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Acquiescensce claimed based on a slightly different sign - SATEL

The plaintiff is the Polish owner of the international device mark SATEL registered in 2001. He sued the defendant in 2008, whose predecessor let the domain name “” registered in 2001 and since 2000 he in commerical contact with the exclusive agent in Hungary of the plaintiff in Hungary. Both parties offered products for safety technique.


The plaintiff sued the defendant for infringement.

The Court of first instance rejected the claim stating that the predecessor of the defendant had used the term SATEL as trade name starting from the 90’s, moreover as domain name from 2001. As a result, he acquiesed to these uses.

The Court of Appeal altered the judgement of the court of first instance and held that as the domain name used by the plaintiff was only similar, but not identical with the colored device mark of the plaintiff, acquiescence could not be accepted.

The defendant required revision and the Supreme Court ordered it. He stated that considering the term “previously used” (Sec. 5(2) of the Trademark Act) in connection with Sec. 17(5) on acquiescence it ccould not be concluded that a total identity must have existed between the mark of the parties. The same is valid relating to infringement procedures, neither Sec. 12(2) of the Trademark Act requires total identity in respect of the infringing mark. There would be no equity if the acquiescence was excluded, and in a similar situation condemnation for infringement would be possible.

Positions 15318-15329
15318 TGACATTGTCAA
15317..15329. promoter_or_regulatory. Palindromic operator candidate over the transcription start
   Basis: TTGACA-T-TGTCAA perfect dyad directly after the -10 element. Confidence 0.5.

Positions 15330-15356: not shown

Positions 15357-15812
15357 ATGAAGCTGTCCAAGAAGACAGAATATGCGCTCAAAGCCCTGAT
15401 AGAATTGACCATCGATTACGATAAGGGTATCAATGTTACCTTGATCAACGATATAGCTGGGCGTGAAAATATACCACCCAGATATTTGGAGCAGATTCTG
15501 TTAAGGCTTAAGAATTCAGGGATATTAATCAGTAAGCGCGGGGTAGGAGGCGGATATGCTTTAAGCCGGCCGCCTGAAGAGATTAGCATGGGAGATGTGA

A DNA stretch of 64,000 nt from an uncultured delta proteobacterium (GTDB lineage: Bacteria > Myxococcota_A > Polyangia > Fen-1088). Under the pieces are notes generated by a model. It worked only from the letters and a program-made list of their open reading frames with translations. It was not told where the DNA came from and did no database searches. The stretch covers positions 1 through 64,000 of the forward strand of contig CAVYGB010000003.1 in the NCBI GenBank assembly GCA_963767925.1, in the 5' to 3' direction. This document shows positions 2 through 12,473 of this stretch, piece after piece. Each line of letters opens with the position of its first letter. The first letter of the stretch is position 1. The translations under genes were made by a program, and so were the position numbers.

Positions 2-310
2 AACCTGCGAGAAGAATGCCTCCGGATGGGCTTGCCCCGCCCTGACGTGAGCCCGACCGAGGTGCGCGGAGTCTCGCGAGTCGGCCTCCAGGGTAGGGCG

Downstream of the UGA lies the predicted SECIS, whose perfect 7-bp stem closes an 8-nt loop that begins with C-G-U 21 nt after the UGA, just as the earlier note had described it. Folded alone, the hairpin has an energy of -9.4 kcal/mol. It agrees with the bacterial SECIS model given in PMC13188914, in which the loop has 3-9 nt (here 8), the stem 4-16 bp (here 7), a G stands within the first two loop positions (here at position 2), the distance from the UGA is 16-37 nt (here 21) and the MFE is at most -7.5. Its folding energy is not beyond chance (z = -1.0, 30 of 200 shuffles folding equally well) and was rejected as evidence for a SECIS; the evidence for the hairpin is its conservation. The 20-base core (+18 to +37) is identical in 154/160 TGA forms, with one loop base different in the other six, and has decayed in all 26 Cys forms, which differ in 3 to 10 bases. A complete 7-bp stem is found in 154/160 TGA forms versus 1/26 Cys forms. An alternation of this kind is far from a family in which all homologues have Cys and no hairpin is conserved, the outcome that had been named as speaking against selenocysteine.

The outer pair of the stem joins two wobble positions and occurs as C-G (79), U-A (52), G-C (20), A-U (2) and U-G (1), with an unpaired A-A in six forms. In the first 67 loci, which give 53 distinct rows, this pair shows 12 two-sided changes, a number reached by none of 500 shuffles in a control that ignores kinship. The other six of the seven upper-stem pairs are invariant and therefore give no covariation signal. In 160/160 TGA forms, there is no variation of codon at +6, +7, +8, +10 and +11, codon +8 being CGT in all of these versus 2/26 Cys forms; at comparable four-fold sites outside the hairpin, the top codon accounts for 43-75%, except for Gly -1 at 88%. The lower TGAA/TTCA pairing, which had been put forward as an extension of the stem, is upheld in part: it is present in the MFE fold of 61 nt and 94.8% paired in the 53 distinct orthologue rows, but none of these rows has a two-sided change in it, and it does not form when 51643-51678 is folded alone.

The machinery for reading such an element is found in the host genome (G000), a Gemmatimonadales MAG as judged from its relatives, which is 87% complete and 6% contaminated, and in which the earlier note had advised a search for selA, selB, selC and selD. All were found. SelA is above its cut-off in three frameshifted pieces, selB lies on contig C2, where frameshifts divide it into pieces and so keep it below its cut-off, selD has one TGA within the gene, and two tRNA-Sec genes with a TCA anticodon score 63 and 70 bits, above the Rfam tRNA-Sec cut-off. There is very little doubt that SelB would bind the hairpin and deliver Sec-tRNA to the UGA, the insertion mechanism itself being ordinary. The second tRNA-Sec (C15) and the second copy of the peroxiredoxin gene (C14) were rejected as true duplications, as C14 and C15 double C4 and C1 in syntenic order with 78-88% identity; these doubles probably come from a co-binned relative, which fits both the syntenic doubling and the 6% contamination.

Moreover, it was held that alone from the fact that during a period of 8 years the plaintiff had not noticed that the defendant had used his mark, the conclusion was well-founded that this use had not been embarassing for him. It could be expected from him that he informed himself continuously on eventual infringing use of his mark and to defend it in a reasonable term. Considering this situation, the Court of first instance concluded properly that regarding the exlusive agent in Hungary of the plaintiff, who were in contact with the defendant, he ought to have been aware of the use of his mark by the defendant.

As a result, the Supreme Court approved the judgement of the Court of first instance.

(BH 2012/No. 67).

                                                                                                                Dr. A. Vida

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